Imagine this sequence of scenes.
Two geese, male and female companions, are peacefully grazing the soft and fresh green shoots of a lawn. They look happy and content. Spring is in the air. They are soul mates.
Hard cut to the next scene: An irate male goose, coming out of nowhere and trying to impress a female companion, angrily swoops upon the erstwhile happily grazing geese couple. He had been grazing a bit down the path, but somehow felt that life was better where the other couple was. He flaps his big wings dangerously, beak nipping violently, and creates a ruckus. The first couple is now getting agitated as well. Nobody wants to be pushed around. Now watch the following scene.
Amid angry barks and vicious crackles male goose number one (formerly very serene and content) is now retreating but seems to be entering the territory of a third couple. True to the motto “attack is better than defense,” he duplicates the second male’s behavior, and soon the entire lawn is full of snarling, honking, crackling, and barking geese. Nobody is happy.
It all started with just one gander getting up on the wrong side of the bed—or whatever the goose approximation of that expression involves.
We have all seen the domino effect in action: a rude driver leading to an upset coworker, who in turn shouts at the misbehaving children at home. This domino effect seems to duplicate extremely fast and always causes uncalled-for hurt and pointless tension. At times church boards or business meetings provide ample demonstrations of this negative spiral. A thoughtless side remark is not taken well by Sister A, who, in turn, chides Brother B’s ill-founded enthusiasm for a new project. Brother C finds this behavior inappropriate and also says so, while sister D cannot understand all the fuss—“Let’s just get on with our agenda.” The atmosphere gets tense, and not much is accomplished during this board meeting.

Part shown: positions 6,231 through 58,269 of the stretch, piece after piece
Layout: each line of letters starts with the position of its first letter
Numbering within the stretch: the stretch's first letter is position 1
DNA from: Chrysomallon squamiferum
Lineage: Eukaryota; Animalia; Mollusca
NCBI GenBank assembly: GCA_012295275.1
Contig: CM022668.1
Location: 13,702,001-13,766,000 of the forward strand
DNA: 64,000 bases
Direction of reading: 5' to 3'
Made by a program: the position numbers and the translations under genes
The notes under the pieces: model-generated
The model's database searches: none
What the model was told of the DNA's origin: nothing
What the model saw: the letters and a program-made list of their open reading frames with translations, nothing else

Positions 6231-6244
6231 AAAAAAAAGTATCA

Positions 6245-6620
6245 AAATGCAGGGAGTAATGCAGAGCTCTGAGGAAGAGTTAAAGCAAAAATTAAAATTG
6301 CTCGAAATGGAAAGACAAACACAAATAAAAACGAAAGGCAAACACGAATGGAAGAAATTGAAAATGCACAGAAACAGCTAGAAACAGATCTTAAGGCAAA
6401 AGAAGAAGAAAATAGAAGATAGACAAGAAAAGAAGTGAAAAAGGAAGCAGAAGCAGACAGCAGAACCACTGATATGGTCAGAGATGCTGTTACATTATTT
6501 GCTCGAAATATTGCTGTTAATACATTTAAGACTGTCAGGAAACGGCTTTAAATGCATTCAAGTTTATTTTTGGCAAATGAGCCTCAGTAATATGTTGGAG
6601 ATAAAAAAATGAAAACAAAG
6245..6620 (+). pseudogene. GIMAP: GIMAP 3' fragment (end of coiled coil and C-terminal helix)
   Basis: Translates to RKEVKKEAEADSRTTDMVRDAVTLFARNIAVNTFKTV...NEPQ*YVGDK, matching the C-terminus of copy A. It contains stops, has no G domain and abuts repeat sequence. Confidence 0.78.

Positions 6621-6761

However, there is another type of domino effect. A more personal story will illustrate this. Sixty-two years ago, somewhere in a neighborhood of post-World War II Cape Town, South Africa, an overworked and worn-out woman, pregnant with her sixth child, lay in bed, sick and worried. A devout Catholic, married to a hardworking husband who was not really interested in religion, and with a house full of hungry and lively children, she felt very discouraged. An Adventist neighbor had put her name down for prayer at an evangelistic meeting that was under way in town. Now the evangelist, a native of England, stood in front of the plain stone structure that was home to seven people. He listened well, and his prayers were reminders of God’s loving care. He opened Scripture and shared God’s amazing promises—a simple pastoral visit. The pastor came again and again and kept on praying with Eileen. They began to study the Bible together, while an irate husband purposefully banged on the roof and cleaned the gutters, clearly signaling, I am not interested! Once a week the humble, soft-spoken pastor visited that neighborhood, and slowly but surely the seed was taking root. Eileen’s husband had stopped cleaning the gutters and had joined the studies, even though at times he would fall asleep and start snoring. On one of these occasions the pastor motioned to Eileen, who, embarrassed, was trying to wake up her snoring husband: “He is working so hard.” When Eileen was invited to give her life to Jesus through baptism, her husband said no. He too wanted to be ready so that they could be baptized together. Some months later Eileen and Albert were baptized together, and when little Robert was finally born, the family had found their home in a small Adventist congregation.
Sixty-two years have passed, and I still marvel at this positive domino effect—a soft-spoken, praying pastor, who never knew the full results of his acts of kindness and care. The seed for three generations of church workers (including a number of pastors, teachers, and spouses of pastors) and many faithful Adventists was scattered that day. And it all began with a soft knock on a door. One kind act; one intercessory prayer; one listening ear.
I am eternally grateful to Pastor Daniel James Handysides for this domino effect that completely changed the direction of my wife’s family.
Gerald Klingbeil is an associate editor for the Adventist Review. This article was published April 26, 2012.